The PHP job market is booming. Lots of companies are looking for (good) developers, but these are hard to find. Lots of developers are looking for a (good) job, but these are equally hard to find. Wait, that sounds strange... but it's true.
Recently in an article (Dutch) in Dutch publication "Webwereld", Drupal advocate and developer Bèr Kessels stated that while Drupal is an awesome CMS, it is not a good fit for government websites and other big projects. An interesting statement for someone from the Drupal camp to make. While Bèr has some valid points, his statements are a bit too generic for my liking.
So as you might or might not have noticed yet, PHPBenelux is organizing a new contest in collaboration with Microsoft: The PHP on Azure contest. The idea is simple: Build an application in PHP that runs on the Windows Azure platform. I think it's a great idea to participate, let me try to tell you why.
For a project I am working on right now, I needed to generate barcodes and QR codes. Looking around for solutions for the barcodes I quickly found Zend_Barcode (thanks to someone pointing me to it, by the way. I had not expected a barcode generator in Zend). For QR, it was slightly harder to find a good solution. A quick question on Twitter helped a lot. In the end, it boiled down to two options: PHP QR Code and using the Google Chart API.
It's going to be an interesting week in October, when I'm speaking at SymfonyDay right before the weekend, then doing the International PHP Conference right after. But it's going to be a PHP-filled week for starting the 9th of October. In Cologne I'll be doing a workshop on starting development with symfony, and in Mainz I'll be speaking about documentation and integrating symfony and Zend Framework.
About a month ago my good friend Lorna Mitchell put out a call for stories on how working with Open Source has influenced people's careers. Given that a lot of my recent career has been driven by my involvement in Open Source, I shared my story with Lorna. But I also wanted to share some of my story with everyone. So here is my story and opinion on how Open Source can influence your career in a positive way.
Error pages. Most people don't really consider error pages when building a website or application. They usually contain some debug information so that when something goes wrong the developer knows what is wrong. But in a lot of cases when an application goes into production, this information is still exposed.
As I'm writing this (though it is published later), I'm sitting in the sunday morning program of the PHPNW09 conference in Manchester. The conference started on friday night with speakers dinner and a social, with the main conference on saturday, dinner and drinks afterwards, and now the slightly less official sunday morning program. It has been a great conference.
Last tuesday was the phpBenelux meeting for this month, which took place in Tilburg at the office of Freshheads. Given I was helping with the organization *and* speaking, I was a bit stressed upfront. Things worked out well though, and we had a great meeting. This post contains a short report of the meeting as well as my slides for the "Integrating symfony and Zend Framework" talk I did.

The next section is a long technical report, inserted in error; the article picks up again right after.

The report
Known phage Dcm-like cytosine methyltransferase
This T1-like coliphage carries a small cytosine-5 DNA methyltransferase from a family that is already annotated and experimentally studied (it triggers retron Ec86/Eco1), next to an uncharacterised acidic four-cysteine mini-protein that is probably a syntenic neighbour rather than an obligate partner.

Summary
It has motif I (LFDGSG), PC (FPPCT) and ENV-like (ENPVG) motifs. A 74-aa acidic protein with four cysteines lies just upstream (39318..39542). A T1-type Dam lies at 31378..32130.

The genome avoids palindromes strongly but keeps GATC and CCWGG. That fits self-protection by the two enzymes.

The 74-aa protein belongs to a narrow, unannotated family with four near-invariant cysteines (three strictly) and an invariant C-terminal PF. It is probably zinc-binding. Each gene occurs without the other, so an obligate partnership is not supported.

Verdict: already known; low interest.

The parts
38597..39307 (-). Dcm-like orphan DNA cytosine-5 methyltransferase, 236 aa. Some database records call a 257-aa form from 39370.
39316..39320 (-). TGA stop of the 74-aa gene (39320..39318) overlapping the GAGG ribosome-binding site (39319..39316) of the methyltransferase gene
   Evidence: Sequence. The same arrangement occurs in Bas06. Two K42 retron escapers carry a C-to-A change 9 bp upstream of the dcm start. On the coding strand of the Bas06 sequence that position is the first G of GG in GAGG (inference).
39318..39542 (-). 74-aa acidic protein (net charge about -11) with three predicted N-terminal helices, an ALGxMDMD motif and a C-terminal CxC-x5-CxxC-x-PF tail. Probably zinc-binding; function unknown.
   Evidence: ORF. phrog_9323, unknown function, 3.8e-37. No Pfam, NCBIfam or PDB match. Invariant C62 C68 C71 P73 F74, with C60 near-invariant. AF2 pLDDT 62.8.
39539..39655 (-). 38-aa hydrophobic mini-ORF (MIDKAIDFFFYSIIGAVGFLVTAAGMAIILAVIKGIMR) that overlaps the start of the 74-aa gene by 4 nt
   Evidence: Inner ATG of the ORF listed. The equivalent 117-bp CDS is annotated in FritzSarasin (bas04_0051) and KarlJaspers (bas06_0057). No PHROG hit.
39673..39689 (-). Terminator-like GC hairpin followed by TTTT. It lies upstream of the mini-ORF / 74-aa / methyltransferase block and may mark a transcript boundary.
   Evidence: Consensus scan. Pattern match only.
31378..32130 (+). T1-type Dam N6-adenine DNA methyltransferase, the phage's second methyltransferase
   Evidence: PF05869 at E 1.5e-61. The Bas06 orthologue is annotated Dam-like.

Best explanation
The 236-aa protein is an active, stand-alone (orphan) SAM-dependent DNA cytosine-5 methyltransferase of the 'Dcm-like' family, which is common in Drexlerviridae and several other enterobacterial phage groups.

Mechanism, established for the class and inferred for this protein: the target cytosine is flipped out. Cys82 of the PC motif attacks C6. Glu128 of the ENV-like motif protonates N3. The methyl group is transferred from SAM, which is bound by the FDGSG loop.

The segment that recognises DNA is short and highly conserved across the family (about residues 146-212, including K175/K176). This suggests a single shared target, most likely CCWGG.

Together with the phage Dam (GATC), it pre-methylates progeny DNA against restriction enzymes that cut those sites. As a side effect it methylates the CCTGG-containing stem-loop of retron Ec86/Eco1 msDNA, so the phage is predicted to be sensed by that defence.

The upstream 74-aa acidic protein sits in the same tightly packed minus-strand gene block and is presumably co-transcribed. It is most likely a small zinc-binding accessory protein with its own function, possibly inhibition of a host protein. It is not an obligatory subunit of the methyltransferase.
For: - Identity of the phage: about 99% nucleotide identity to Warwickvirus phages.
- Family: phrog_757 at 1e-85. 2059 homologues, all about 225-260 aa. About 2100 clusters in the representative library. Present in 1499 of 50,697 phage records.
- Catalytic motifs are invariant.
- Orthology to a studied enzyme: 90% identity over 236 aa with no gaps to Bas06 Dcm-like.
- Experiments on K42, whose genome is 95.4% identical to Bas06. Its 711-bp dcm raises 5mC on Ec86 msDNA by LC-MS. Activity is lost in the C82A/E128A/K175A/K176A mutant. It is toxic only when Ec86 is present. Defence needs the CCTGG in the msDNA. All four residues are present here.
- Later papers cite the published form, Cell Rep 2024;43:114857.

Last year I was a speaker at the PHPNW08 conference in Manchester. It was a great conference and I've met some wonderful people there. We even held a short symfony update meeting there in one of the rooms during a break. I am happy to announce I will be a speaker again this year at the PHPNW09 conference!
Over the past weeks while I was trying to find a new job, I've made an interesting observation. Well, I made the observation before already, but my interviews over the past weeks have confirmed it: Most developers seem to limit themselves to a single framework. Be it Zend Framework (more popular than I even thought), be it symfony, there's even still a huge amount of custom "we built it because we have our own needs" frameworks out there, even in companies doing things similar to any other web development company out there.
Much has been said already in the past days and weeks about the PHP standards initiative that was started by a group of PHP developers at the php|tek conference two weeks ago. As I was there but have not really given my opinion on this in public, I will do that now.
Last year's TestFest was a huge success. The worldwide initiatives by usergroups and individuals gave a nice addition to the code coverage for PHP itself. This year, the TestFest period has been extended to 3 months, starting the beginning of this month and ending end of june. But a nice bunch of European usergroups including the Dutch usergroup are combining TestFest on may 9th!
Yesterday was the first BugHuntDay that our dutch PHP usergroup organized together with the Belgian usergroup. Somewhere between 25 and 30 people (I forgot to do an actual headcount) came together in Roosendaal to work on fixing bugs in Zend Framework.
In May of this year, the Dutch PHP Usergroup (phpGG) re-launched after a while of inactivity with a very successful PHP TestFest. After this succesful collaboration with our friends from phpBelgium and having done our first dutch meeting, we're again going to collaborate with phpBelgium to help the community at large: The BugHuntDay is coming!
At work, I am at the moment working on a Zend Framework project. Opposite to earlier projects with Zend Framework, I am slowly learning of the power behind the framework. But not all of the power is document well enough. On friday, I encountered one such small detail.